GET THE BIG PICTURE FIRST:
Old Testament “Big Picture”
- God creates for relationship.
- Humans lose that relationship at “the Fall” when they disobey God’s only command.
- God immediately promises a way of salvation and begins to work that plan out in “Covenants” throughout the Old Testament—giving encouragement, warning and hope through the prophets.
- Every book (39), every story and every event is a foreshadow, type or model of why we need Jesus, who He would be and what He would do (the Scarlet Thread of the Old Testament).
- The Nation of Israel was chosen to be God’s people and role-model to the other nations, but failed all the time further showing the need for a Savior, and it would be this Nation that Messiah would come through…
New Testament “Big Picture”
- Jesus is born, the promised Messiah from the tribe of Judah and line of David, as the New Covenant in fulfillment of God’s Old Covenant and the hundreds of prophecies about Him from the Old Testament.
- Jesus’ ministry proves that He is God incarnate evidenced by His sinless life and multitude of miracles attesting to His power over the natural order and His love for humanity.
- Jesus dies as a substitute for all humanity, then resurrects from the grave in defeat of death and Satan, restoring that lost relation by providing a path for eternal life.
- Jesus followers begin to spread this good news at Jesus’ command and the early Church begins as disciples gathering in various places worshipping and studying Scripture.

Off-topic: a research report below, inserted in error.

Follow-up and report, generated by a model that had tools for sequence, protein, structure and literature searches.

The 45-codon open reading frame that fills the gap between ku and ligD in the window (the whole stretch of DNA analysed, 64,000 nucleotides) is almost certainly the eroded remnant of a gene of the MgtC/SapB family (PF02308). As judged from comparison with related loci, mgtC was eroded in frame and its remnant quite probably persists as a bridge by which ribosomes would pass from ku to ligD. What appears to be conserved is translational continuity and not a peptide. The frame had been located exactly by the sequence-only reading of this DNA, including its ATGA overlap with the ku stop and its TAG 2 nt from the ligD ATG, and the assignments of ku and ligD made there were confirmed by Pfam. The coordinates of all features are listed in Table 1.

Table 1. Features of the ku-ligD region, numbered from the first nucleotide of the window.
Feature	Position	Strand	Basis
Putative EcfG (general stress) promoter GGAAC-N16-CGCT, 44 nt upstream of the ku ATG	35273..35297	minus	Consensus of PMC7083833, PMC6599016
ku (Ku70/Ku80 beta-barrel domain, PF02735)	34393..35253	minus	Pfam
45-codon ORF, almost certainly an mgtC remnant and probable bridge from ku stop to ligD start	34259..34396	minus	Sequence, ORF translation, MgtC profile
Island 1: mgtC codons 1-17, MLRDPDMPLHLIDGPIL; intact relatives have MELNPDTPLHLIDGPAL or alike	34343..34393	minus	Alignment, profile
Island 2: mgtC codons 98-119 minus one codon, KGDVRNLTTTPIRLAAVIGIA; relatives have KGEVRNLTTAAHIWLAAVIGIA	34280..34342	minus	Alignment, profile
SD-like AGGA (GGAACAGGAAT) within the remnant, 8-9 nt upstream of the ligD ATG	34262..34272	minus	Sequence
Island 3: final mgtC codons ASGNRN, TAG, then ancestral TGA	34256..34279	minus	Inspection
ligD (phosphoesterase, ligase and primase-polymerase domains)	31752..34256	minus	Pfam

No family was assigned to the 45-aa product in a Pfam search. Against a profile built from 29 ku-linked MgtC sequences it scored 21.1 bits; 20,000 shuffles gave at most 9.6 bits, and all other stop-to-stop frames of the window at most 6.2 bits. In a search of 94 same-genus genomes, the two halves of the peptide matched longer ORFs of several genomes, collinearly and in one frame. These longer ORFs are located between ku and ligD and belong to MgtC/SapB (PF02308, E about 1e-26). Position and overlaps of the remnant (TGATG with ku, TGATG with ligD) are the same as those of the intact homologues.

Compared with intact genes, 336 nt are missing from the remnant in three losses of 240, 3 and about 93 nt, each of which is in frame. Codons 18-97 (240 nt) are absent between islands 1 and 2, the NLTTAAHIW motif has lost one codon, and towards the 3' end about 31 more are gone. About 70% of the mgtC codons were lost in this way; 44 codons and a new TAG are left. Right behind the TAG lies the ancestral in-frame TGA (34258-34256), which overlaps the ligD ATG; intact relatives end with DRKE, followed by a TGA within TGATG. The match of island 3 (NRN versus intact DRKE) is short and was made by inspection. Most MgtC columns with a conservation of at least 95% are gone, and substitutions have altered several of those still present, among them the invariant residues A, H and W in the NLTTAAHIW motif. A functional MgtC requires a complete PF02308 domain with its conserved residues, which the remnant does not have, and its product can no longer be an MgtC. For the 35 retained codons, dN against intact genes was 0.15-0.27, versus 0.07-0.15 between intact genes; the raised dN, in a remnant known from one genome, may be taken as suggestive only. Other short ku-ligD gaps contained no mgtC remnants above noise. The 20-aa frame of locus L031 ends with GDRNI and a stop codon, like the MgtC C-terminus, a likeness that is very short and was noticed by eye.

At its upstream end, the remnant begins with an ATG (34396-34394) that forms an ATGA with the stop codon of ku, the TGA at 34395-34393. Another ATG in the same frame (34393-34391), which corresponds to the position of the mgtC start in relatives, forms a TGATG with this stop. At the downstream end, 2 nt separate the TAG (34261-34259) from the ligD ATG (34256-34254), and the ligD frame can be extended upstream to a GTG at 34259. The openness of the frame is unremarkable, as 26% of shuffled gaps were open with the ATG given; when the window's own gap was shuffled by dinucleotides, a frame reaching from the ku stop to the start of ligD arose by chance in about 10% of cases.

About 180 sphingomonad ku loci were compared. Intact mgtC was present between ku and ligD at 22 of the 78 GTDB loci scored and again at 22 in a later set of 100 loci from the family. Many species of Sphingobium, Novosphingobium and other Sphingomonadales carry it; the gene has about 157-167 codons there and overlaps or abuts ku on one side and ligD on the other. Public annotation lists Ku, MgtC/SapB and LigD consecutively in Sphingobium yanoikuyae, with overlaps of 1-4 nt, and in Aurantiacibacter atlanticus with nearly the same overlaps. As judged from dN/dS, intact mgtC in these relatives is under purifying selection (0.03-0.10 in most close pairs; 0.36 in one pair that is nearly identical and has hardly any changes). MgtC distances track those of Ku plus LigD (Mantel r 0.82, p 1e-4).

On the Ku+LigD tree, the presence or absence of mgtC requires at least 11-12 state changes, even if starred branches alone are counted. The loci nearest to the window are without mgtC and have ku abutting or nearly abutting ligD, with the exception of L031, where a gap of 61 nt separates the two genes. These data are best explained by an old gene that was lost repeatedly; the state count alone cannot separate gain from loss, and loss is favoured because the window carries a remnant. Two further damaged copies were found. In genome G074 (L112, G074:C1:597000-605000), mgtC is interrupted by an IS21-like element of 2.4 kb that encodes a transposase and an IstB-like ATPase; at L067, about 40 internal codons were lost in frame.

- Jesus promises to come back bringing the Kingdom of God creating a New Earth and New Heaven with no more pain, suffering or death.
- Our job, or purpose, until then is to share this good news with as many people as we can, living lives as God’s Ambassadors for the Kingdom.
Knowing the big picture and studying from there will help us not fall into the trap of twisting Scripture.
How do you use hermeneutics?
Here is a basic hermeneutic formula adapted and put into a question format:
Note: This format can be used for individual or small group studies and you can go as deep or as light as you want for each question. Using a good study Bible and some basic Bible study tools like an Old or New Testament Survey book, a Bible handbook, a Bible dictionary, and/or a concordance can help you dig deeper. Be careful to evaluate your references and their credentials. Using a variety of sources will help you see the big picture.
As you begin, the book or passage you are studying should be read through at least three times. Once for an overview to get the big picture and story in context, the second time for the hermeneutics, and the third for note-taking and in-depth study.
Hermeneutic study questions:
1. Who is the author?
Who wrote it? Research the background of the author to find out their credentials and how they fit in the overall Biblical story. Can you find this person in other books of the Bible?
2. Who is the audience?
To whom was the author originally writing and why? What was the date of the events and what was the date of the writing? What was going on in the culture at the time and in the lives of the author and audience?
3. What is the Genré (literary style)?
This is the author’s writing style. Understanding the genré helps us understand the purpose the author had and puts the writing in context. Most books of the Bible fall under one or more of these categories: Historical narrative, Wisdom literature, Law, Poetry, Prophecy, Gospel narrative, Eyewitness testimony, Church history, Parabolic literature, Instructional literature, Letters to groups or individuals (Epistles), or Apocalyptic (end times) literature.
4. What is the purpose?
Why did the author write the book? Understanding the author, audience and the events of the time will help give you a clue for the purpose. Often it is stated directly in the book itself.